Career Search Mistakes:
Are you sabotaging your job search?

by Greg Faherty, CPRW
Is your job hunt taking longer than you'd anticipated? Are you getting fewer interviews or job offers than you'd like, or maybe none at all? Are you sending resumes but getting zero responses?

If the answer to any or all of the above questions is "yes," you might be sabotaging your own job search.

Many job hunters unknowingly make mistakes while searching for employment, but unlike other areas of life—jobs, school, home—there's no one around to provide feedback about what they're doing right or wrong. According to a survey of local recruiters, human resource representatives, and managers, here is a list of the top job search killers.

1. No contact information on your resume.  Many people today are afraid of identity theft, so they omit contact information from the resume. I see this all the time as a resume evaluator and writer. However, no matter how good your resume is, it won't work if someone can't get in touch with you.

2. You flunked the interview.  There are many reasons for this. You weren't prepared. You were nervous. You showed up late. You didn't convey your information effectively. The good news is, all these problems can be avoided by using an interview coach and by practicing your interview technique.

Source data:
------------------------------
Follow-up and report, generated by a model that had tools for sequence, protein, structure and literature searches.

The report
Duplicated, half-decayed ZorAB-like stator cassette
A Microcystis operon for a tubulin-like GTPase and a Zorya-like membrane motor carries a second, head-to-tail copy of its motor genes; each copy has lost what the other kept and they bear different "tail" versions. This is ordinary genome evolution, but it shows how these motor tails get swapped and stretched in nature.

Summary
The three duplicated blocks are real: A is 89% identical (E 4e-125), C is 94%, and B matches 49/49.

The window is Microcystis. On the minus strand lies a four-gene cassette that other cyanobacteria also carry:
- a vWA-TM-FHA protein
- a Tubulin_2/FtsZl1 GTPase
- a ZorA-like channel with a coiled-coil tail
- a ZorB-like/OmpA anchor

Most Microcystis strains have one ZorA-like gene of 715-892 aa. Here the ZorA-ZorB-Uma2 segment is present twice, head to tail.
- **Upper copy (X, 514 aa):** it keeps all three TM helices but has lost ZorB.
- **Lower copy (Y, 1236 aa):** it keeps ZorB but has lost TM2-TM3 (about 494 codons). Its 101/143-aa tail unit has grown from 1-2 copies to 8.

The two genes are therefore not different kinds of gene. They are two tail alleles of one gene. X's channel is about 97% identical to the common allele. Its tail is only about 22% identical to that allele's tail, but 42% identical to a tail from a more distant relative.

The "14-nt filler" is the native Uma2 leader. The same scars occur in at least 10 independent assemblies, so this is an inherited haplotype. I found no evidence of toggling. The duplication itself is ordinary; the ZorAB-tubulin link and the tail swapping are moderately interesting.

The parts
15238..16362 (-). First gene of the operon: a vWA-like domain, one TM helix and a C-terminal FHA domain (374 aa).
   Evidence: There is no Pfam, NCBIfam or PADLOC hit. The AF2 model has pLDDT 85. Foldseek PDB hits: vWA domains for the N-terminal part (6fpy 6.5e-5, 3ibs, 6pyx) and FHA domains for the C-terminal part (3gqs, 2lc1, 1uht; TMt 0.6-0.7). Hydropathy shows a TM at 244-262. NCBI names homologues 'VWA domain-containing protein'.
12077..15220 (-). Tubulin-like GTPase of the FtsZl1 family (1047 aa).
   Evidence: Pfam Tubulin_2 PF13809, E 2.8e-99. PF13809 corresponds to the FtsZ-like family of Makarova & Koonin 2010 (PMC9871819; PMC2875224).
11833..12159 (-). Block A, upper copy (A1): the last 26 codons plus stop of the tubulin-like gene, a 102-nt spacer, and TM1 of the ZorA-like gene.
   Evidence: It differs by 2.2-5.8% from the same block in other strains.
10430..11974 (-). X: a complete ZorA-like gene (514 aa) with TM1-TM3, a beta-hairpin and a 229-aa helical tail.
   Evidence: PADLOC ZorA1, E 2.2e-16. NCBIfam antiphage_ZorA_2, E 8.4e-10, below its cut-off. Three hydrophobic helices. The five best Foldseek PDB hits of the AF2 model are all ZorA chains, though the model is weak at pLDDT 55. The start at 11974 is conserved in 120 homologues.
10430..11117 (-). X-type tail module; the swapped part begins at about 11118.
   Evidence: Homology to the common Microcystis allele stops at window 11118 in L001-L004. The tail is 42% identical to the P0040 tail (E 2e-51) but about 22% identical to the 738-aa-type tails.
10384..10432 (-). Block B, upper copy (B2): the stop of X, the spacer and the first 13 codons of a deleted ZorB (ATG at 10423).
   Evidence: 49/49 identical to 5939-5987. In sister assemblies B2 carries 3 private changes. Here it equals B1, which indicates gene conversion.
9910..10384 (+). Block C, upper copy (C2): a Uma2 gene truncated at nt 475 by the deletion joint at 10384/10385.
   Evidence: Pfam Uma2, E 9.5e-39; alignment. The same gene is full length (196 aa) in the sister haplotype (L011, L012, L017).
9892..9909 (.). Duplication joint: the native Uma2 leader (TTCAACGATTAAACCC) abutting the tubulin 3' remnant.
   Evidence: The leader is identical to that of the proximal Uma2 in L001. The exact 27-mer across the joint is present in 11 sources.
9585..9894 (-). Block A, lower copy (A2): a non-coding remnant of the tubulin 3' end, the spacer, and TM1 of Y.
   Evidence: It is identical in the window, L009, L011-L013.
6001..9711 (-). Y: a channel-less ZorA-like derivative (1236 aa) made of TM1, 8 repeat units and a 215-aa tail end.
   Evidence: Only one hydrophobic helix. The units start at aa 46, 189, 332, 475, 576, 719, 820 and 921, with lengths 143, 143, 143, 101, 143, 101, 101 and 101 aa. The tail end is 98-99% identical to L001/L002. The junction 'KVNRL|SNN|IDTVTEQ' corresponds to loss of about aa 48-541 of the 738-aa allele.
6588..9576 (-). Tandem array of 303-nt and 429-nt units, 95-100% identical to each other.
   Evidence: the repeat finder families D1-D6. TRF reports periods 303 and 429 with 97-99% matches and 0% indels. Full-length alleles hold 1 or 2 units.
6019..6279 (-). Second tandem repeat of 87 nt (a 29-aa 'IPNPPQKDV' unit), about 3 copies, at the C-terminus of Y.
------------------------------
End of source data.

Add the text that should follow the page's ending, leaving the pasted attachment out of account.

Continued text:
3. Negativity.  Whether it's on your resume or during your interviews, if you're saying negative things about previous employers, you're ruining your chances of being hired. Remember the old saying: "If you can't say anything good, don't say anything at all."

4. Job hopping and empty space.  If you've had a lot of short-term jobs in a row, or you have multiple gaps in your employment, you're going to make a potential employer wonder why you can't hold a job. One solution is to not include all your short-term jobs on the resume. You can also use your cover letter to explain gaps.

5. Laziness.  This can crop up throughout the job search process. A poorly prepared resume, turning in an incomplete application, not being prepared during the interview—these are all signs of laziness. Prospective employers are going to ask themselves, "If this person can't be bothered to put forth a good effort in finding a job, what makes me think they'll be a hard worker if I hire them?"

6. Lack of goals.  One of the key questions you'll be asked during an interview is what your short and long-term goals are. ("Where do you see yourself in three and five years?") Have strong answers ready for these questions. Employers want people with ambition and well-defined career plans."

7. You're unwilling to change.  In today's employment climate a person needs to be adaptable, whether that means taking on new responsibilities or forging a new career path. Employers need people who can work outside of their job descriptions. Be prepared to show you can be that kind of person.

Factors for Success

  • Have a professional look over your resume and cover letter, and fix them if necessary.
  • Practice, practice, practice. The more you practice interviewing, the more at ease you'll be during the real thing.
  • Stay positive. Not only will you feel better, you'll make a better impression, too.